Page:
Live music, food vendors, a quilt show, art demonstrations, a spinning wheel with live alpacas on site from which to sheer the wool, crafts, boats, a bouncy house and a Halloween costume parade are all scheduled for the event, which kicks off at 10 a.m. Saturday.
Downtown Benton used to have events like this every year dating back to the 1980s, according to Benton City Mayor Jerry Stephens.
“I wanted to bring this festival back, for the community,” Stephens said. “It’s an opportunity for the City to bring the community back together.”
Local quilters will be holding “Quilt Court” in the form of a quilt show located in the old courtroom on the third floor of the historic Polk County courthouse throughout the two-day event.
Quilts spanning several generations will be draped across the old courtroom benches. An elevator is available inside the courthouse that will take spectators directly to the courtroom.
The Polk County News will have a small display of quilts inside their office, and will be using the event to dedicate the 8- foot quilt square that marks them as a destination on the Appalachian Quilt Trail.
Members of the RC&D Council will be on hand with information about the trail, which dots the rural landscape with quilt blocks.
Saturday’s entertainment, paid for by grants from the Tennessee Arts Commission and Tennessee Overhill Heritage Association, are as follows:
1 p.m. — Lakeside (Bluegrass Gospel)
1:45 p.m. — Silvia Holiday (Acoustic)
2:15 p.m. — Lakeside
3:00 p.m. — Storytelling by Judy Baker
3:30 p.m. — Just Us (Bluegrass)
4:15 p.m. — Storytelling by Judy Baker
5 p.m. — Just Us
6 p.m. — Dana Rogers (Acoustic)
7:30 p.m. — Double Shot (Country)
Saturday also features a watercolor demonstration by local artist Marie Spaeder-Haas from 1 to 3 p.m. at the Polk County News.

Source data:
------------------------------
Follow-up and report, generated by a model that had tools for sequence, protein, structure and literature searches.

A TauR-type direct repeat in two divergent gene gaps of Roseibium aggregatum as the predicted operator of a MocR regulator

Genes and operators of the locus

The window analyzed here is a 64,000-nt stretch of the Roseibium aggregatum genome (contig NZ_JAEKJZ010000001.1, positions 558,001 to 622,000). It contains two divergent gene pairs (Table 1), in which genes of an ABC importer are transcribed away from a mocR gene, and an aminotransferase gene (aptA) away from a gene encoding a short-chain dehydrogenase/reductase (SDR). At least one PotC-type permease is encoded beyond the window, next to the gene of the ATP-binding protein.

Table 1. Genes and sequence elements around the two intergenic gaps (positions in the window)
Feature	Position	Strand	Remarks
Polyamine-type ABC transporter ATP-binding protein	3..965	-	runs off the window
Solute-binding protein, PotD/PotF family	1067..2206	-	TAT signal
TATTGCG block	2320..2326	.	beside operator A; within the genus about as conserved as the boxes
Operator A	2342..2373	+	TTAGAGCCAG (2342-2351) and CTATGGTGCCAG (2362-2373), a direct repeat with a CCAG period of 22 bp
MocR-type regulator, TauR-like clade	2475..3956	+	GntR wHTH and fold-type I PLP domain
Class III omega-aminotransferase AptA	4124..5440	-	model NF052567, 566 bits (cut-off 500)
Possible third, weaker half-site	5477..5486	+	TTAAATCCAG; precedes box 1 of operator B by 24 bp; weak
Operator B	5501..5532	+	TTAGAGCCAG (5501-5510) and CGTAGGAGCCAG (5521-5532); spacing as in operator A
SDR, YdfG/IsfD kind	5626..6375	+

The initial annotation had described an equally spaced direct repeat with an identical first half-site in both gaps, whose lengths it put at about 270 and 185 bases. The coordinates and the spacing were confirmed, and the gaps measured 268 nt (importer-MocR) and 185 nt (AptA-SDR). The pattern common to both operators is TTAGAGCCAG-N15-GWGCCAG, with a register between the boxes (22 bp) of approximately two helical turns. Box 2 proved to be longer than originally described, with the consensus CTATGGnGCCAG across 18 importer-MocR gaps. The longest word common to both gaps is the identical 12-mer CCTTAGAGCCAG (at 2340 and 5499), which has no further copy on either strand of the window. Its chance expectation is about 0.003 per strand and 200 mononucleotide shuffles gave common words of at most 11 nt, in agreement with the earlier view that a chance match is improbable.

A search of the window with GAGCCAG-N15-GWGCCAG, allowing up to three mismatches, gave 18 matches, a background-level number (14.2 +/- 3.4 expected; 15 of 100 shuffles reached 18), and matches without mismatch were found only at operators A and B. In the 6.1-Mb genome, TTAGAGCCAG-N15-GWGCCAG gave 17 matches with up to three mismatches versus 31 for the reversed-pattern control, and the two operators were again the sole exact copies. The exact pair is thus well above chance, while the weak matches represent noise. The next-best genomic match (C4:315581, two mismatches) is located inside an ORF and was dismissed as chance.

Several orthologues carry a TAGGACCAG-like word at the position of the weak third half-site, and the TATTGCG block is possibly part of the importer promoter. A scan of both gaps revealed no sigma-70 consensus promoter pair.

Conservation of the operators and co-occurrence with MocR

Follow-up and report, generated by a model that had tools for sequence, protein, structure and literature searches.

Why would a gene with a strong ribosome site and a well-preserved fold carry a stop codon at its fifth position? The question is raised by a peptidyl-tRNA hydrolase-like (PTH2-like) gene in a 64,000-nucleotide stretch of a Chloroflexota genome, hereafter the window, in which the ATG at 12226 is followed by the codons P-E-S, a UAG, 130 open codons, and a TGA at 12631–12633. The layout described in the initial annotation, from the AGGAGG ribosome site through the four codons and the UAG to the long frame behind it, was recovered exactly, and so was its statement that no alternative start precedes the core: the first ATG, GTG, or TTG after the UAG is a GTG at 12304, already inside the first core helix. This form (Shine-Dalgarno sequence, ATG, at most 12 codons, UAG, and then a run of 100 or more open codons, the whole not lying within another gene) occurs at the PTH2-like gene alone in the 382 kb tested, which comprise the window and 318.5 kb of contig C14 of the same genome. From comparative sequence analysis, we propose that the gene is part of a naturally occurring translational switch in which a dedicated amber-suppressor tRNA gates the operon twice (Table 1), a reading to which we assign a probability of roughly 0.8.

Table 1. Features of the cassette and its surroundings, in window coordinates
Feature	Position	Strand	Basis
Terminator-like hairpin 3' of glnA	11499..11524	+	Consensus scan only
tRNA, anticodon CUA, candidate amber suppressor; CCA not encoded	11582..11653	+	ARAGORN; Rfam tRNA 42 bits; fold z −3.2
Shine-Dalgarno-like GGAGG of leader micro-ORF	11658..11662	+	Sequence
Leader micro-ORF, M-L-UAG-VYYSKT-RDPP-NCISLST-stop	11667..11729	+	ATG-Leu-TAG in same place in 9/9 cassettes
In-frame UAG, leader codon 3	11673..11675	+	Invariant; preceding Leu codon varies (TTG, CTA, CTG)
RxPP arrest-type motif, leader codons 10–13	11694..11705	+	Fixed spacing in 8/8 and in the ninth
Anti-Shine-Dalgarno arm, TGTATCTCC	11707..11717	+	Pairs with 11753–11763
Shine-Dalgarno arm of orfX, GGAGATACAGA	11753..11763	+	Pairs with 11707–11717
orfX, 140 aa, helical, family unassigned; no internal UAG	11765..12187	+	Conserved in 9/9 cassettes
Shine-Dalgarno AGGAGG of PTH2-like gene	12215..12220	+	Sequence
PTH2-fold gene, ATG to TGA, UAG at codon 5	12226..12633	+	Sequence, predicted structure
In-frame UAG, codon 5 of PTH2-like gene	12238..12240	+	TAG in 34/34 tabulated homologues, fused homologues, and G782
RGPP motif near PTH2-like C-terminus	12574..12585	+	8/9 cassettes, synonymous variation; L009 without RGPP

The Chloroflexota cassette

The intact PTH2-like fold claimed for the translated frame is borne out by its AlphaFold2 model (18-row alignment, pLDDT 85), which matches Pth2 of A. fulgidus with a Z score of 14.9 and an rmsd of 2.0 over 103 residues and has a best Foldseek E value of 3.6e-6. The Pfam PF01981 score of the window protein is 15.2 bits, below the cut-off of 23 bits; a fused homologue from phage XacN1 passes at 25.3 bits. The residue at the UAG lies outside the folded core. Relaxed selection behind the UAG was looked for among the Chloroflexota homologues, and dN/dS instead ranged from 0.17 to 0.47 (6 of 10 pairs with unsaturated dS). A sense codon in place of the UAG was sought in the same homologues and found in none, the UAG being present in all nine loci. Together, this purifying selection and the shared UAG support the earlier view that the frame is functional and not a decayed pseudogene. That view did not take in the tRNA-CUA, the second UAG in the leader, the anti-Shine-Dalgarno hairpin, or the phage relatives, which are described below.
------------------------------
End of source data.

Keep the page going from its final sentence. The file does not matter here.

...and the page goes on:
“We’ve been planning this event for a long time and we’re excited to bring the arts to downtown Benton,” said Cheryl Maxwell.
Spaeder-Haas will be painting a rendition of Jim Caldwell’s photograph of the old Hiwassee Church reflecting in the Hiwassee River. Caldwell will also host a heritage photography exhibit inside the newspaper office that will include the Hiwassee Church reflection, as well as other heritage photography. Spaeder-Haas will have other watercolor paintings on hand to exhibit and sell.
Torch Art creations from the late Danny Hoskinson, known to many as “The Bucket Man,” will be on display during the event. Charlotte Woody, sister of Hoskinson, said they had a large number of empty unused buckets they planned to bring to sell, with all money made being given to the high school art department.
A boat show and fly-tying will be located on the south side of the courthouse. A bouncy room and other activities for kids will be available.
Alicia Sloan will do a demonstration with clay art and will offer pottery, purses, jewelry, paintings and other art for sale. Vendors will offer a variety of foods, candy, crochet items, candles, paintings, books, jewelry, glass etching, musical instruments made from wood, photography, Native American crafts, hairbows, gift baskets and more all around the downtown area both days. The United Daughters of the Confederacy will also be on hand through the event dressed in period costumes.
A tractor show is slated for Saturday at Benton IGA on Hwy 411, just south of the courthouse square. Fried pies, caramel apples and boiled peanuts as well as food from the IGA deli will be available.
Hayrides will be provided from Benton IGA to downtown enabling people to ride a wagon and easily go from the tractor show to the downtown events.
Sunday’s festivities will begin at 1 p.m. and gospel music acts will perform throughout the day. New Paved Road, along with singers from Welcome Valley Baptist Church, Zion Valley Baptist Church and Chestuee Baptist will perform.
The evening will finish with a costume parade around the courthouse square at 6 p.m. Candy will be available for trick-or-treaters.